Knowing the structures and behaviour of molecules is crucial for understanding the world around us and for the development of new chemical products, drugs and materials. As our knowledge grows about how Nature works, the species under study steadily increase in size and complexity, making their analysis more and more difficult. New methods are urgently needed to allow us to address a wider range of scientific problems, and to reduce the time and effort needed to extract useful chemical and biological information. In principle, nuclear magnetic resonance (NMR) spectroscopy ought to be able to meet this need. NMR is one of the most powerful and versatile techniques for the structural, conformational and dynamic analysis of molecules. However, conventional methods generally struggle to extract simple and clear information from the most challenging systems.
The primary focus of the studentship will be on the development of new experimental NMR methods tailored to maximise our ability to extract chemical and biological information currently rendered inaccessible by spectral complexity. Throughout the project, methodological developments will proceed hand in hand with collaborative applications to problems of chemical and biological importance, both to facilitate critical assessment of the utility of the new methods and as a stimulus to further development.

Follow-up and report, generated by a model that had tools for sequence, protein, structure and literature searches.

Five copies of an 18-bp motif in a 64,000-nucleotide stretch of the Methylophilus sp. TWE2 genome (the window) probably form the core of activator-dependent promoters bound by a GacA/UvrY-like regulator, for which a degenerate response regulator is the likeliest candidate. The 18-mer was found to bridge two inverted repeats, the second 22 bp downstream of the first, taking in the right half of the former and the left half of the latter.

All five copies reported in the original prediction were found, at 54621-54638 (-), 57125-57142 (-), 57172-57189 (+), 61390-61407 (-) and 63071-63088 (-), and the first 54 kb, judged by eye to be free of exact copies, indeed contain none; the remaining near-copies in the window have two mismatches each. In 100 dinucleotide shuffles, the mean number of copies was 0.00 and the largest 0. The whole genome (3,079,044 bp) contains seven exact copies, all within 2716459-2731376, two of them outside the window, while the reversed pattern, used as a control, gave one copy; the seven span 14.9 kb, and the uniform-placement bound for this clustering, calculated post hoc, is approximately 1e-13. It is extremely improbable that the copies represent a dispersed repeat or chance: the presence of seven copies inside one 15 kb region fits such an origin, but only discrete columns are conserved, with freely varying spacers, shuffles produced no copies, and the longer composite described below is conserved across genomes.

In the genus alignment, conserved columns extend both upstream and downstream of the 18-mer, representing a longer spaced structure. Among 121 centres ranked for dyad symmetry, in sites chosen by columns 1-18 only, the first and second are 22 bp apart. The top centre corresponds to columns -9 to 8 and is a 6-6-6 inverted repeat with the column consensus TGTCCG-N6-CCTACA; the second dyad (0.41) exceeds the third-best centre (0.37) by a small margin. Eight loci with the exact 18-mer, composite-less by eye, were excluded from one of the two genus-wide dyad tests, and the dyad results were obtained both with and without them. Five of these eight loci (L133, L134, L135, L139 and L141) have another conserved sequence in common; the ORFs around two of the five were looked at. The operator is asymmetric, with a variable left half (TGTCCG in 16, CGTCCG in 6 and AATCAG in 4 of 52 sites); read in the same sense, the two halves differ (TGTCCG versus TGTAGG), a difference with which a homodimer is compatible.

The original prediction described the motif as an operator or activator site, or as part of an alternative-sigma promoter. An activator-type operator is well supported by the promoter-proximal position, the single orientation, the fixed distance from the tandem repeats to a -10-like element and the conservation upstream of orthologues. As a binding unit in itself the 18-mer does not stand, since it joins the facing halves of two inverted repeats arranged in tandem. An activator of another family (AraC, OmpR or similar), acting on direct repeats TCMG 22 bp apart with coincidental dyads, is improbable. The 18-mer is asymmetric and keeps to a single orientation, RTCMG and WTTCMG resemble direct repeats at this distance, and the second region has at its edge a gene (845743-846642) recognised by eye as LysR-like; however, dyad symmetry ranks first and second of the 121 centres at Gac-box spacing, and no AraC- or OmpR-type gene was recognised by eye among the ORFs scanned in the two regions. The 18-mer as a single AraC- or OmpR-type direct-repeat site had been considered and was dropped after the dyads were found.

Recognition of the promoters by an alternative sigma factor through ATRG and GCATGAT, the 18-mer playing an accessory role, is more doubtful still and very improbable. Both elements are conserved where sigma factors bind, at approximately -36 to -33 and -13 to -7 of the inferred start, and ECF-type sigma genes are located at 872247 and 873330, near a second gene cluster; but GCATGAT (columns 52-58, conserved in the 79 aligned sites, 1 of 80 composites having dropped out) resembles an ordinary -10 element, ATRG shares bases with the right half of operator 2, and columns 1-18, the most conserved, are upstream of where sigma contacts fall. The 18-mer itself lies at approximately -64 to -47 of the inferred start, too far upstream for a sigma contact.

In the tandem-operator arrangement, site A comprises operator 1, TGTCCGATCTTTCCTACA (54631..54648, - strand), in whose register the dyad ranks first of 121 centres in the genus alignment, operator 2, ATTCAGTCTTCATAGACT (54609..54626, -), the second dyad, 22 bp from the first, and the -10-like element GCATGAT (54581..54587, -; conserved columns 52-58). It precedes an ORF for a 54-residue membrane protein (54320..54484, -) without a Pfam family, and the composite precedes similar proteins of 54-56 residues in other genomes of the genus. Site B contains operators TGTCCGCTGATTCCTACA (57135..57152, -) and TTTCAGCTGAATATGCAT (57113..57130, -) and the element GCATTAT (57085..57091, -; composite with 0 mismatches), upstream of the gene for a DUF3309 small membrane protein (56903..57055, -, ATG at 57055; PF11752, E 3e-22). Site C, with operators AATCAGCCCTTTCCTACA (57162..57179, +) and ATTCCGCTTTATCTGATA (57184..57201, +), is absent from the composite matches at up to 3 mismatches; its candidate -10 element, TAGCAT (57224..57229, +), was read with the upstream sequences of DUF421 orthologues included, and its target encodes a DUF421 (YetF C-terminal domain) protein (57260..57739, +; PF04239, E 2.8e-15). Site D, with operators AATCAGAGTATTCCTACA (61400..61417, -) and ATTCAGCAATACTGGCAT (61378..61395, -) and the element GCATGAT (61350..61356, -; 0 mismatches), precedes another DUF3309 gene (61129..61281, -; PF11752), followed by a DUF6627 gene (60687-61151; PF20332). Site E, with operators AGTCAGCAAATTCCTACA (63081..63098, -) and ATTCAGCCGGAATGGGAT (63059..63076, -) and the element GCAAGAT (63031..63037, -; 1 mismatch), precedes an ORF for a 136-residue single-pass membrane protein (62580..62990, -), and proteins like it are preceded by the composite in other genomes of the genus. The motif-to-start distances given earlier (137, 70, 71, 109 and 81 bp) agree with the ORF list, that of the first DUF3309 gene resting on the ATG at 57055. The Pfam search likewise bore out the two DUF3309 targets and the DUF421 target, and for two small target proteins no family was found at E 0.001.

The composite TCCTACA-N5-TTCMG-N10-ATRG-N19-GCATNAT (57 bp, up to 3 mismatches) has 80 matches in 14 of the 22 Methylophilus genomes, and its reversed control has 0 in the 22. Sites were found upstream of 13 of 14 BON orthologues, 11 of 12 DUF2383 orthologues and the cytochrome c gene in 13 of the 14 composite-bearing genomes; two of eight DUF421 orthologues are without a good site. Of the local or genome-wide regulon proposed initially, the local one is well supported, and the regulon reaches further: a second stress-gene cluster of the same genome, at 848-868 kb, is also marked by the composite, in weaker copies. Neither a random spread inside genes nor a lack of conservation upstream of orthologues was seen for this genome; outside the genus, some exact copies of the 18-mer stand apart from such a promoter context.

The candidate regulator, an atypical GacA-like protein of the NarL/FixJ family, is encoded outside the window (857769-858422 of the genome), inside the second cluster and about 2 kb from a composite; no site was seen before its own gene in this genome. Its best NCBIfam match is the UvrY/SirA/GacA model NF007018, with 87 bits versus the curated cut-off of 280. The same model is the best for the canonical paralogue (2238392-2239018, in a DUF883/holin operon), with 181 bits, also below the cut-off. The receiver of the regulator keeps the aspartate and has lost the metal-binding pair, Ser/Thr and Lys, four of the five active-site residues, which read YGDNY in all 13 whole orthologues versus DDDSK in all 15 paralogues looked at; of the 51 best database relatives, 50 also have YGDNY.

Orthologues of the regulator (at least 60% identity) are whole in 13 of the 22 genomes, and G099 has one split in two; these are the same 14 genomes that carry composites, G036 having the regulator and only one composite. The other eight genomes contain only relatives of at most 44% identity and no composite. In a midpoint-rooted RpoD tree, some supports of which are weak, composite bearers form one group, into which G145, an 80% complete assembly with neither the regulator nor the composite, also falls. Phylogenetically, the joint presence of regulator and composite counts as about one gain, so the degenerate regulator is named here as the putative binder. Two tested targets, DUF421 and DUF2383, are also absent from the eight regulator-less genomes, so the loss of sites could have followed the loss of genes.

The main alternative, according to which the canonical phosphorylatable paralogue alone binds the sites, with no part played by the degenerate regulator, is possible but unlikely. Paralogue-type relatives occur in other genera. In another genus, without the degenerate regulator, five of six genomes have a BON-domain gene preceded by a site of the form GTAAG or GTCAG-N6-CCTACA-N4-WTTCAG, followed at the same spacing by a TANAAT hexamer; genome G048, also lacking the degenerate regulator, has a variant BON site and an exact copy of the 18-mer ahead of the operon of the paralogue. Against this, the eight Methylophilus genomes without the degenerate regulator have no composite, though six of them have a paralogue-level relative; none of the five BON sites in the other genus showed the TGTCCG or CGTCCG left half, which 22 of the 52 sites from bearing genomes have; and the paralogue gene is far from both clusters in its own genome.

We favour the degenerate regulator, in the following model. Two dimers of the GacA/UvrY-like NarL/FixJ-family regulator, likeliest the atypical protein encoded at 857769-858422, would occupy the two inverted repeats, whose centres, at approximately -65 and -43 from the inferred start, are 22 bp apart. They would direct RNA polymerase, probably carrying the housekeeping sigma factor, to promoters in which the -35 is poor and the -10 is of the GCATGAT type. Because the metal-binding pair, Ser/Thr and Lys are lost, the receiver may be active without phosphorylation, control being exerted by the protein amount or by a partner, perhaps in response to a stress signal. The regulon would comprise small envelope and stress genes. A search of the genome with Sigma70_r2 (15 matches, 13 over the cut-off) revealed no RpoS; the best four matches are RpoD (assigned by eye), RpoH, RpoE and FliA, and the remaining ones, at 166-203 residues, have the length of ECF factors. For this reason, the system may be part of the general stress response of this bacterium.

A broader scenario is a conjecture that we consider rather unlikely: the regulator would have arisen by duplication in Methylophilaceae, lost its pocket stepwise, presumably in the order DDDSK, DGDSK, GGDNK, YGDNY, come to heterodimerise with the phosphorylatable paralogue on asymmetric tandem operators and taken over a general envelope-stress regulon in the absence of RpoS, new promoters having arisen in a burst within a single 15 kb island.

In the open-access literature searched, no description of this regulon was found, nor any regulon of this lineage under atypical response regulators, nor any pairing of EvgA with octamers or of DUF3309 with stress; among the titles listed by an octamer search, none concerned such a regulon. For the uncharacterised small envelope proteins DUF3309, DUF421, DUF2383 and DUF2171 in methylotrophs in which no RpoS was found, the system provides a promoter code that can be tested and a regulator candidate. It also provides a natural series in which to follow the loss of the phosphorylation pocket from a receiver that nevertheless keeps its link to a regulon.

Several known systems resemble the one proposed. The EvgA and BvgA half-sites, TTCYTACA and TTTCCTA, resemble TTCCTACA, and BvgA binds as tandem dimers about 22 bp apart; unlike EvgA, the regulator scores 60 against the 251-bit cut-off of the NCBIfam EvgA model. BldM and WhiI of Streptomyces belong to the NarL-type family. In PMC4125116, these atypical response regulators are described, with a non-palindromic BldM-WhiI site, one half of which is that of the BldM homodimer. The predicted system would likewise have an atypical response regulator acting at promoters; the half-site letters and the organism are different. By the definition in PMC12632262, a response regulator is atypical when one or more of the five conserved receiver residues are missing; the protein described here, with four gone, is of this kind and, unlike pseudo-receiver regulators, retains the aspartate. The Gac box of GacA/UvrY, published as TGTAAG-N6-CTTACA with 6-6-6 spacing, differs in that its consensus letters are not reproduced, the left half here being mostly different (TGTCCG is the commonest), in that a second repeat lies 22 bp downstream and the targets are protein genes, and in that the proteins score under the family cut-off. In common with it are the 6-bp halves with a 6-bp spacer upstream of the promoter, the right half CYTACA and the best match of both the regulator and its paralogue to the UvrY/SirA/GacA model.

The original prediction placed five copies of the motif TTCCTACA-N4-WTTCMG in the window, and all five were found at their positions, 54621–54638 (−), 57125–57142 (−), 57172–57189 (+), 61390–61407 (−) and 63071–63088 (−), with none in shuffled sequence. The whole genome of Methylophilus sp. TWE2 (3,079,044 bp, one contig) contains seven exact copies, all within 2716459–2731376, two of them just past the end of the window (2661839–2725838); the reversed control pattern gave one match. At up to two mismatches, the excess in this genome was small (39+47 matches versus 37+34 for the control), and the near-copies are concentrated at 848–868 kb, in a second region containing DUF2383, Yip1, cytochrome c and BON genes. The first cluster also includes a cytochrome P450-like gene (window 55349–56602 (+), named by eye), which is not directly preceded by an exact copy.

The student will be based in the NMR Methodology Group at the University of Manchester’s School of Chemistry. They will have access to world-class research facilities in the School of Chemistry including a suite of NMR spectrometers. This PhD project spans a range of disciplines including chemistry, physics, statistics/chemometrics, and programming. It will provide extensive training in a range of research methods, allowing the student to acquire a broad set of skills in practical NMR spectroscopy, spin physics, statistical data analysis, software production and scientific programming, and can be tailored to suit individual preferences.
Equality, diversity and inclusion is fundamental to the success of The University of Manchester, and is at the heart of all of our activities. We know that diversity strengthens our research community, leading to enhanced research creativity, productivity and quality, and societal and economic impact. We actively encourage applicants from diverse career paths and backgrounds and from all sections of the community, regardless of age, disability, ethnicity, gender, gender expression, sexual orientation and transgender status.
We also support applications from those returning from a career break or other roles. We consider offering flexible study arrangements (including part-time: 50%, 60% or 80%, depending on the project/funder).